Catherine DeMayo

Personal Trainer/Group Exercise Instructor

What can Fast Exercise do for you?

You’ve probably heard about High Intensity Interval Training, or HIIT, the concept of short, hard intervals of cardio vascular exercise that are being publicized as effective for getting fit fast. To quote Dr Michael Mosley, medical doctor and BBC journalist who has popularized the concept (he does it himself, at home), “Some of the proven benefits of High Intensity Training include:

  • Improved aerobic fitness and endurance 
  • Reduced body fat 
  • Increased upper and lower body strength 
  • Improved insulin sensitivity”

Whatever your age or level of fitness, and whether you prefer to cycle, run, swim or walk, there is an exercise regime for you.”

Whether you do HIIT on a machine at the gym, or as part of your outdoor walking, running or cycling, the concept is the same: short bursts of intense exercise (you should feel, by the end of each burst, as though you can’t go any longer) interspersed with longer periods of recovery (during which you keep moving, but at a slower pace, allowing you to recover enough to try another short burst).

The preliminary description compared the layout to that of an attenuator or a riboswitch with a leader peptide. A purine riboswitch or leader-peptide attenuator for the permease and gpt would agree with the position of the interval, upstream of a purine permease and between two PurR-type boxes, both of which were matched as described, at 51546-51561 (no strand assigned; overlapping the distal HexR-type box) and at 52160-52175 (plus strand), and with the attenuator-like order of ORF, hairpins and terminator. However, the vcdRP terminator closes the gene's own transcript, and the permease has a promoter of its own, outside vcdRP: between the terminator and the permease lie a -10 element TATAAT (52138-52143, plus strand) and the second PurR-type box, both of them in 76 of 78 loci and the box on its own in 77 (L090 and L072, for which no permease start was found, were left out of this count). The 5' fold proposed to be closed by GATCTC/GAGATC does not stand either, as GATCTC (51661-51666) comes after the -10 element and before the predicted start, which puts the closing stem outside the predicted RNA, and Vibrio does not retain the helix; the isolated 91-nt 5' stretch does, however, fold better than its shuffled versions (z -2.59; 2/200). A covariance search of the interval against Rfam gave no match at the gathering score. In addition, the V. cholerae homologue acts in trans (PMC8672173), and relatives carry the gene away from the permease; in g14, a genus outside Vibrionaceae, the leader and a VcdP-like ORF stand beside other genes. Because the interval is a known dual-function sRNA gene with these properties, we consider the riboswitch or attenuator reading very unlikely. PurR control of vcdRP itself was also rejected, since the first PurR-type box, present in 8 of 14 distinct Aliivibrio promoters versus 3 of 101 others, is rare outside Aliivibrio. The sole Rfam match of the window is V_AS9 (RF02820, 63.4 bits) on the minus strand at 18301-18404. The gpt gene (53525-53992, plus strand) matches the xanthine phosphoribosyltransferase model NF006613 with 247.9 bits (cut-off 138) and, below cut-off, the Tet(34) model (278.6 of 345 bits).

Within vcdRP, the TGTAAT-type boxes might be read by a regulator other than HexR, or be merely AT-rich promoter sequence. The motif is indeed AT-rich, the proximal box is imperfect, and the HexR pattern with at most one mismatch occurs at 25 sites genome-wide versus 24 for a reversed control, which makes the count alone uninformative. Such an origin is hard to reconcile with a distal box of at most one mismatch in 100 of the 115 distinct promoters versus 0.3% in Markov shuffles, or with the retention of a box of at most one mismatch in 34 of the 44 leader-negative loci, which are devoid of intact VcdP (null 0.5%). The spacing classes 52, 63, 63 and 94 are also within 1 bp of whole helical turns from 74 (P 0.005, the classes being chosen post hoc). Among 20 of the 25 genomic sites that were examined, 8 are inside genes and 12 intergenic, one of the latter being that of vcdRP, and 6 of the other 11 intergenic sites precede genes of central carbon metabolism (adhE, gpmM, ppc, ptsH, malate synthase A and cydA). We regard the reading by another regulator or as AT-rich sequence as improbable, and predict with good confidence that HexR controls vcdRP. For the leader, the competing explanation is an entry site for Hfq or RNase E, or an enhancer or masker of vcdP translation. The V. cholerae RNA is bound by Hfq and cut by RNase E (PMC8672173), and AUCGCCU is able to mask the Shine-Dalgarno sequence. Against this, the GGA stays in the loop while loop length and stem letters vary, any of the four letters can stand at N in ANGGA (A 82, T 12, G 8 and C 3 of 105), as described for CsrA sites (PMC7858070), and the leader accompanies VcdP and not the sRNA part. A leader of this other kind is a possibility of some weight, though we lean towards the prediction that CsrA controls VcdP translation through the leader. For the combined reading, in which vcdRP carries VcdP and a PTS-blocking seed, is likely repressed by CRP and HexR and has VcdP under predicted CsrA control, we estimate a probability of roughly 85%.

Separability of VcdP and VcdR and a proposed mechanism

Trials of HIIT have used short bursts of anywhere from 12 to 90 seconds; I recommend most people start with intervals of 20-30 seconds. So a short (even five-minute) session can give you time to do two or three hard intervals.

Of course, if you have any heart or other health conditions that may affect your ability to HIIT safely, speak to your doctor.

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